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TAG January 27, 2017 0 Comments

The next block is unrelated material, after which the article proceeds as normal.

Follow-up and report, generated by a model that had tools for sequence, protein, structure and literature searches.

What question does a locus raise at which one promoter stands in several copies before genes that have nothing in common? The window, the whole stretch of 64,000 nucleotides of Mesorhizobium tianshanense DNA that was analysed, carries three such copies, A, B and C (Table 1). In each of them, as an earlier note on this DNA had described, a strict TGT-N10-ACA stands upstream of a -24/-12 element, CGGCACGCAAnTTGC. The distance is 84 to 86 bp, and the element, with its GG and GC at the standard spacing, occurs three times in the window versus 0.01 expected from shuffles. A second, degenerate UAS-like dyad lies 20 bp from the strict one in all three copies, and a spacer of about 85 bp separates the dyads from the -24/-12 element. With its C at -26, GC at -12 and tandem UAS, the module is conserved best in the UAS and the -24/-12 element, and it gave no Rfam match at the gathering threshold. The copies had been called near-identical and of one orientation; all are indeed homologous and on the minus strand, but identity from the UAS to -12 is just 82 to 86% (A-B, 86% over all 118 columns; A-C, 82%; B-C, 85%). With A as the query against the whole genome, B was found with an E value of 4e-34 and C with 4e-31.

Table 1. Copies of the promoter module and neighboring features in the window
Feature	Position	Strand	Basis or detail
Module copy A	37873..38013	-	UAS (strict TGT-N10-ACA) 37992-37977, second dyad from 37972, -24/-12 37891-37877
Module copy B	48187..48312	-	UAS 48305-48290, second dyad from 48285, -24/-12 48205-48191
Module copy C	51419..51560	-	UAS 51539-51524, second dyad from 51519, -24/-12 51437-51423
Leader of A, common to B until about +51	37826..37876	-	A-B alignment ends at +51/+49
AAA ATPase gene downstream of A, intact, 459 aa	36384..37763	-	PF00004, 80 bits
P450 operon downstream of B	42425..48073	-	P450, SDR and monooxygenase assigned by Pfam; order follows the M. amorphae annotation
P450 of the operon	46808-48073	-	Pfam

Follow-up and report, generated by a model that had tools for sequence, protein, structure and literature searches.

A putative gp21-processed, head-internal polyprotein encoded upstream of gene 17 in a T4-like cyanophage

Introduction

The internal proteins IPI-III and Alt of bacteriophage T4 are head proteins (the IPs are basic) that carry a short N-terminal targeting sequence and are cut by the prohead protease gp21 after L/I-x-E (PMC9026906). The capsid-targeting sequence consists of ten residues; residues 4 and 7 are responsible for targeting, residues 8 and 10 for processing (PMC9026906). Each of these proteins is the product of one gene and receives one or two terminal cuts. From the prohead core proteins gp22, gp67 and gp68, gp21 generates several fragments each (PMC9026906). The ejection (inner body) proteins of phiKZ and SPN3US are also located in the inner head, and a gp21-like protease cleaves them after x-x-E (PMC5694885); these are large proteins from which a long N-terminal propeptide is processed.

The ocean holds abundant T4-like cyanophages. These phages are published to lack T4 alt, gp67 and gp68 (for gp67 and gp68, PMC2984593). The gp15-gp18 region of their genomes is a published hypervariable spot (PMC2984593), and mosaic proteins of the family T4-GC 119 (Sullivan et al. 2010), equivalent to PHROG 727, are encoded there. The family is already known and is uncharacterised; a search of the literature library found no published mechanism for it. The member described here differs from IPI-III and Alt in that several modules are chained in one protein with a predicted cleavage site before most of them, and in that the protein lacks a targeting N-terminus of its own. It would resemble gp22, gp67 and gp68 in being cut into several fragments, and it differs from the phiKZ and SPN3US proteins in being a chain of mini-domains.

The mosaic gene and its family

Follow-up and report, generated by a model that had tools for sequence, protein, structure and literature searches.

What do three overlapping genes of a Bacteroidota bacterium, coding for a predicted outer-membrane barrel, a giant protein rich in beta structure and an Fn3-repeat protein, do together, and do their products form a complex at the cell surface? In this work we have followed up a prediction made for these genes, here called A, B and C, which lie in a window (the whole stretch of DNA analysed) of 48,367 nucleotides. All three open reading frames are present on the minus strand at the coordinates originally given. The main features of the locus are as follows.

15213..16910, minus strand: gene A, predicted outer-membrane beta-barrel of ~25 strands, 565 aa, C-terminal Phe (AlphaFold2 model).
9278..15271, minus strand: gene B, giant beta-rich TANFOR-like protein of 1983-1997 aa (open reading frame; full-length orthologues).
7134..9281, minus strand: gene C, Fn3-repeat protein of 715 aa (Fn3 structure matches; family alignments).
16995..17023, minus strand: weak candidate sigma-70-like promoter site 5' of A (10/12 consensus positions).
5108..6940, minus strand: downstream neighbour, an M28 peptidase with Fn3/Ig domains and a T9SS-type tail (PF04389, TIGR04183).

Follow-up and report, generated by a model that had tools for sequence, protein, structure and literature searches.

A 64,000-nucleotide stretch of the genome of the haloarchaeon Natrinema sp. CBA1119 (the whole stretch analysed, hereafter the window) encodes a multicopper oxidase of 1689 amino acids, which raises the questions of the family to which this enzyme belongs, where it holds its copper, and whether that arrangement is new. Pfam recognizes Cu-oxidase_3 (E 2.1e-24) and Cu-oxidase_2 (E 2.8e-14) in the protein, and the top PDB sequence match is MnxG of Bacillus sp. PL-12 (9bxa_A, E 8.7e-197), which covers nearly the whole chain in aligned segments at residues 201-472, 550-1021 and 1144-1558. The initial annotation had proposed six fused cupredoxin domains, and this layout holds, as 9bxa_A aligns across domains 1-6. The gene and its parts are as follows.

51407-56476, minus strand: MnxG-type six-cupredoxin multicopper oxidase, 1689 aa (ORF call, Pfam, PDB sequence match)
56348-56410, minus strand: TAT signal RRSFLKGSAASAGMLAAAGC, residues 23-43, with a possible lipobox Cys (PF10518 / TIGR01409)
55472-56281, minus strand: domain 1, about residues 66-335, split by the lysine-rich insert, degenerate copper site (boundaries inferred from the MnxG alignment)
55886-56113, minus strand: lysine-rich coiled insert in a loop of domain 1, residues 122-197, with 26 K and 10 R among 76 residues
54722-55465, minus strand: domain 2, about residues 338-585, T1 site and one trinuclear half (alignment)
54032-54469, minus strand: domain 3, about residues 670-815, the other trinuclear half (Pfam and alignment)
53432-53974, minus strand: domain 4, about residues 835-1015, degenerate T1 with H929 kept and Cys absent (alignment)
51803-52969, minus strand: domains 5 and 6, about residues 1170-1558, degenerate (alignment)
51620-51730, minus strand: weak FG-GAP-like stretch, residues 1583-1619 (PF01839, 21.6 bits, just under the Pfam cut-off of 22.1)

DA has issued updated draft guidance, “Control of Listeria monocytogenes in Ready-To-Eat Foods,” intended for ready-to-eat food (RTE) facilities subject to FSMA’s Preventive Controls rule. Although the emphasis on prevention in the draft guidance is consistent with FSMA’s hazard analysis and risk-based preventive controls (HARPC) and cGMPs, FDA says it will be beneficial to all facilities whether they are subject to only CGMPs, preventive controls, or both. The guidance is long and comprehensive and makes some very clear recommendations, some of which are going to be tough to implement (like regular zone 1 testing during production runs). There is a lot to talk about with the guidance, so we are going to take it in pieces over the next few newsletters. Appropriately, FDA makes it clear that you have to begin with all the correct controls that are based on risk. Second you need to implement the controls, check that they are working with a solid environmental monitoring program, and finally take the appropriate action when you find a positive result. And of course, keep records of all these processes as you go. RTE facilities which manufacture, process, pack, or hold foods subject to both FDA and USDA regulation will be happy to know that the guidance is providing a uniform federal approach to the control of Listeria monocytogenes (Lm) by integrating the “seek and destroy” approach used by USDA’s Food Safety and Inspection Service (FSIS) with the FSMA requirements. Providing this uniform federal approach, FDA feels should lead to more effective efforts to control Lmin RTE products. The draft guidance focuses on industry best practices, and includes recommendations for controls involving personnel, sanitation, and cleaning and maintenance of equipment. Its primary purpose is to provide guidance on measures that can significantly minimize or prevent the contamination of RTE food with Lm whenever an RTE food is exposed to the environment prior to packaging and the packaged food does not receive a treatment or have a control measure that would significantly minimize Lm. FDA emphasizes that the guidance is not directed to processors of RTE foods that have a listericidal control applied in the foods’ final package or just prior to packaging – as long as it has a system that shields the food and food-contact surfaces of the packaging from environmental contamination. Nor is it intended for farms or other operations not subject to the Preventive Controls for Human Food (PCHF) rule. Again raising the important question, from a regulatory aspect, for some, of “Am I a farm or am I a processing facility?” It also is important to note that some parts of the guidance discuss “recommendations” for actions that are “requirements” of PCHF. This is, essentially for simplicity, it does not exclude the need for facilities to comply with PCHF requirements. Additionally, the recommendations are intended to complement the recommendations of other guidance documents; they do no supersede them. The Agency provides the example that a facility which processes seafood for use as sushi should follow the Fish/Fishery HACCP guidance. As noted above, the guidance begins with a focus on controls and the following is a summary of the areas where FDA makes recommendations for controls. I recommend you go over this list and make sure you have thought about all of these things: Personnel. Because people’s actions can transfer Lm from the processing environment to RTE food, the guidance includes recommendations for hands, gloves and footwear; foamers, footbaths, and dry powdered sanitizers; clothing; and controls on personnel who are associated with specific areas in the plant and those who perform sanitation, maintenance, and similar functions. Plant Design and Construction. As required by CGMPs, the food facilities’ structures are to be suitable in size, construction, and design to facilitate maintenance and sanitary operations for food production purposes. As such, the guidance includes general design and construction of the plant along with those for water systems and air and air flow. Plant Operations. Includes recommendations for traffic flow patterns for personnel, food products, food packaging materials, and equipment and management of pallets, totes and other containers, continuous use brines and recycled process water, aerosols, compressed gases or air (used directly in or on RTE food or food-contact surfaces), and the water supply and any treatment systems Equipment Design and Construction. With the PCHF rule requiring that equipment and utensils be designed and of material and workmanship as to be adequately cleanable, the guidance recommends that the RTE production equipment be designed and constructed to minimize sites where microbial harborage and multiplication can occur, with specifications for food-contact surfaces, including conveyors; catwalk framework, table legs, conveyor rollers, and racks; catwalk and stair positioning; floor drains; wheeled devices; condensate; hoses; heat exchangers. Equipment Maintenance. A preventive maintenance program should be designed to minimize breakdowns and prevent contamination that could occur during repair of equipment. Also included are recommendations for use of dedicated tools, filter changing, and record maintenance. Sanitation. Food facilities are to establish and use a sanitation program that includes written sanitation procedures and a schedule for areas where RTE foods or food contact surfaces are processed or exposed. Includes recommendations for CIP systems; wet cleaning and sanitizing; production line cleaning where another line is operating; assembly of cleaned and sanitized equipment; equipment and utensils used for cleaning/sanitizing; drain cleaning; sanitizer efficacy; sanitation monitoring; and recordkeeping. Raw materials and Ingredients. Facilities should assess which raw materials and other ingredients are more likely to be contaminated with Lm and focus control efforts on these. Additionally: verify that any suppliers with listericidal control measures have validated the process and have ongoing monitoring and verification programs. Recommendations are specified for listericidical control measures, supplier controls, applicability of incoming goods testing, recordkeeping Formulation controls. Formulating food product to have one or more intrinsic characteristic (physical or chemical) can enhance product safety. This should include initial validation; ongoing monitoring and verification; corrective action/correction; and recordkeeping. Process Controls. Consider the practicality of including a listericidal process control in the manufacturing process, with demonstration that any such controls are effective and verified on an ongoing basis. Include initial validation; monitoring and verification; corrective action/correction; and recordkeeping. Storage Practices and Time/Temperature Controls. The guidance recommends the establishment and implementation of procedures to minimize the potential for an increase in numbers of any Lm that could be present. Transportation. Trailers and tankers should be inspected and include time/temperature controls; tankers/repeat-use bulk containers should be dedicated to the RTE product or PC procedures established. Follow all Transportation rule requirements. The guidance also includes detailed recommendations for facilities’ Environmental Control and Monitoring program as well as sampling and testing and the use of trend analysis. However, because these are in-depth, and an area of great concern to the industry, we will dedicate next week’s newsletter to a more complete discussion of this part of the guidance. As a final comment, it is very helpful for us all to now have the FDA guidance document. It is both helpful and scary in terms of the way FDA has now set clear expectations, which, for some, will be a heavy lift. But if you were hoping for FDA to “let you off the hook” with your first zone 1 positive in a RTE food, you will be disappointed. But more on that in future newsletters. FDA is accepting comments on the draft guidance through July 17 at, search FDA-2008-D-0096. About The Acheson Group (TAG) Led by Former FDA Associate Commissioner for Foods Dr. David Acheson, TAG is a food safety consulting group that provides guidance and expertise worldwide for companies throughout the food supply chain. With in-depth industry knowledge combined with real-world experience, TAG’s team of food safety experts help companies more effectively mitigate risk, improve operational efficiencies, and ensure regulatory and standards compliance.